In 1986, Cohen held a senior management position with Cypress Records, where he was instrumental in the marketing and promotion of releases from Jesse Colin Young, Kenny Rankin, Southside Johnny and the critically acclaimed Famous Blue Raincoat album from Jennifer Warnes. In 1987, he started consulting Philips Media on Interactive Media Projects for CD-i. Ted left Cypress Records in September, 1989 and joined Philips Media full-time as Producer of CD-i Music titles. He went on to work on titles from The Cranberries, Santana, Dave Matthews and Soundgarden, among many others. Ted was promoted to VP of Music in 1994 and worked with Philips Media for 3 years till December 1996, when the company was slated to be phased out by the parent corporation, Philips, the staff reduced from 200+ to only 10 caretakers.
Over the next 3 years, Cohen worked as a digital music and media consultant for Liquid Audio, Napster, Microsoft, Amplified, Universal Studios, Rioport, Amazon, Wherehouse Music, Dreamworks Records and music.com, among others. During this period, he co-created the Webnoize Conference in Los Angeles in 1998 and MidemNet in January 2000 in Cannes, France.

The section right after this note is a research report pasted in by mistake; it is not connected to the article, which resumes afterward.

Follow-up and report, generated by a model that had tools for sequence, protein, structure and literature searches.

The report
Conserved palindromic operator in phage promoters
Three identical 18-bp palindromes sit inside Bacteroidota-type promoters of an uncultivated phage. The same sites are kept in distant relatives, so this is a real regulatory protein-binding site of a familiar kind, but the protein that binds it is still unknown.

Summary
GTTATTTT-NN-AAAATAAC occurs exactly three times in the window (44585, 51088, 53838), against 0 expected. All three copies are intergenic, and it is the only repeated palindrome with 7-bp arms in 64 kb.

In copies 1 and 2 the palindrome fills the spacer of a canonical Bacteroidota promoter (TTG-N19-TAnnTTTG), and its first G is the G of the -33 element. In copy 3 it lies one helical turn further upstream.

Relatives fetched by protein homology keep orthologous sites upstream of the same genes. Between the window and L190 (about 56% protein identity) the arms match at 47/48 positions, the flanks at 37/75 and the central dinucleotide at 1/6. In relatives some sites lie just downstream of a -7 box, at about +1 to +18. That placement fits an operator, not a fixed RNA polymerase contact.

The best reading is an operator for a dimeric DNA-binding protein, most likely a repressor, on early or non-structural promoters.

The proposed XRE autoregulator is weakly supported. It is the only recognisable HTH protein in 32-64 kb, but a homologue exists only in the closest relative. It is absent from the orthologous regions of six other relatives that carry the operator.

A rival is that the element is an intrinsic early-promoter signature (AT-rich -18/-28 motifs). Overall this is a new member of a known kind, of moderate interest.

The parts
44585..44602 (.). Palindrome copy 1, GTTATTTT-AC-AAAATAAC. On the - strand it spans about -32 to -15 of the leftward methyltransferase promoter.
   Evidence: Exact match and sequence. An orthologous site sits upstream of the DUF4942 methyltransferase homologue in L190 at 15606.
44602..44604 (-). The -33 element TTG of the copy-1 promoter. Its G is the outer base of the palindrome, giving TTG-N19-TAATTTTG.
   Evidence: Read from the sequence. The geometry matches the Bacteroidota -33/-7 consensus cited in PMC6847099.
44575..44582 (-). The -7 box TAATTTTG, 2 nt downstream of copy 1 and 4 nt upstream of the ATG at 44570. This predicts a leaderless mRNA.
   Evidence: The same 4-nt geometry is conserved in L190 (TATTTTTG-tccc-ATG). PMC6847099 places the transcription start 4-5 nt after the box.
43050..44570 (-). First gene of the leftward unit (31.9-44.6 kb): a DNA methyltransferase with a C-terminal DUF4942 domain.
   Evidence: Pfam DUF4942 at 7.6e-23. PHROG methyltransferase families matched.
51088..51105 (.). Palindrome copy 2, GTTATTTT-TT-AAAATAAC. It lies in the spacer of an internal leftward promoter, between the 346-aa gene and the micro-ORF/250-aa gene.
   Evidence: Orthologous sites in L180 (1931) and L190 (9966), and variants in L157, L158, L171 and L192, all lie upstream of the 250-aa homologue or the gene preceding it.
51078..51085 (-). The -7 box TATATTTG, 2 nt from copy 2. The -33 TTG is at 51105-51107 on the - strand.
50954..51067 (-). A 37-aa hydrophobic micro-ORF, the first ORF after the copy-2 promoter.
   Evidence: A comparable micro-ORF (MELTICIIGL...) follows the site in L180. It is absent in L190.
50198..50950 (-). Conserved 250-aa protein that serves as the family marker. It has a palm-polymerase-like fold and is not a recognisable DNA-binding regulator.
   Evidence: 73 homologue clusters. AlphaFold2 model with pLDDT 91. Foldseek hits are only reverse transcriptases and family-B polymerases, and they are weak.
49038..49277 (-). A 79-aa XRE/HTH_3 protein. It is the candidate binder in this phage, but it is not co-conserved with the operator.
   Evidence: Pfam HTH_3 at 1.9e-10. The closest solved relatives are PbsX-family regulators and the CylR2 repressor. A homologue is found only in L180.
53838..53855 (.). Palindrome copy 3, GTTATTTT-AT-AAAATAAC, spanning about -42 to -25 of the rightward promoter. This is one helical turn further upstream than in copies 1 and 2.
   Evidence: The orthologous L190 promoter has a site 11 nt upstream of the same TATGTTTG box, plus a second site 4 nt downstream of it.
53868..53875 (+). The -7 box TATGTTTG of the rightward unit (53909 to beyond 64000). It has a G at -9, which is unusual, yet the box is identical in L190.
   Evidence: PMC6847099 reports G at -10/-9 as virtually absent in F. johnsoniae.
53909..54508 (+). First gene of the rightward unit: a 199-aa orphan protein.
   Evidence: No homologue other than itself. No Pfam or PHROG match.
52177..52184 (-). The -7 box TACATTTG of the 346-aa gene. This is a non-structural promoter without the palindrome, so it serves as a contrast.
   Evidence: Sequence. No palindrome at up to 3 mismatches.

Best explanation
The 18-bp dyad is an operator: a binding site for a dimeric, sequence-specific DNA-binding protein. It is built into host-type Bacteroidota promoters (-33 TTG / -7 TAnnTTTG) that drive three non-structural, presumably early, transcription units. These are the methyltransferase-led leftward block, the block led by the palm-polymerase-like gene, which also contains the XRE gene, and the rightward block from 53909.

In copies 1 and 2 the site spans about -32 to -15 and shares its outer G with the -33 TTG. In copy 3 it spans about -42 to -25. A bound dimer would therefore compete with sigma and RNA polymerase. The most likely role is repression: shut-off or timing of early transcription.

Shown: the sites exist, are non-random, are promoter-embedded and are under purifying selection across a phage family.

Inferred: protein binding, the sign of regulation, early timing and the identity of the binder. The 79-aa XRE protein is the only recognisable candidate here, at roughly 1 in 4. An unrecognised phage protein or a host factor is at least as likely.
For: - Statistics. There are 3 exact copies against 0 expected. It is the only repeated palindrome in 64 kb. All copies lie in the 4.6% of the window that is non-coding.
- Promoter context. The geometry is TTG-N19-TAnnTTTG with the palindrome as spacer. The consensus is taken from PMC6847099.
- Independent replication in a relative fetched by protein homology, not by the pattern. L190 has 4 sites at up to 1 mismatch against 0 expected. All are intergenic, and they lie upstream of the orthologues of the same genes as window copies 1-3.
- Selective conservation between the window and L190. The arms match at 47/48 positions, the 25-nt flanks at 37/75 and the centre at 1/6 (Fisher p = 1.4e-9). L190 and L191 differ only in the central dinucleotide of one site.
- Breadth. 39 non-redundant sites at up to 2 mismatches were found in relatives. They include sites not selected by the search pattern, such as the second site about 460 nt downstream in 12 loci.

On May 8, 2000, Cohen joined EMI as VP of New Media and was subsequently promoted to SVP of Digital Development & Distribution. During his tenure with EMI, Cohen worked in EMI's digital initiatives, focusing on establishing consumer distribution partnerships, as well as asset management and the digital delivery processes. He was involved in negotiating the agreements for iTunes, Napster, Rhapsody among 100+ digital licensing deals. He additionally worked on the digital marketing campaigns for Joss Stone’s first two S-Curve/Virgin albums. In May 2006, he resigned to return to digital entertainment consulting.
Cohen launched TAG Strategic on July 5, 2006. TAG's initial few clients included Gibson Guitar Corporation, Muze, EMI Music, Limewire, EyeSpot and Participant Media. Since then, TAG Strategic has gone on to work with Coca-Cola, Verizon Communications, SanDisk, Hello Music, Stream Jam, UK Trade & Investment, Buymyplaylist.com and Emblaze Mobile, among many others.
TAG Strategic recently tied up with Rosenzweig & Company, the international recruitment firm led by Jay Rosenzweig, and Blue Frog as key strategic partners.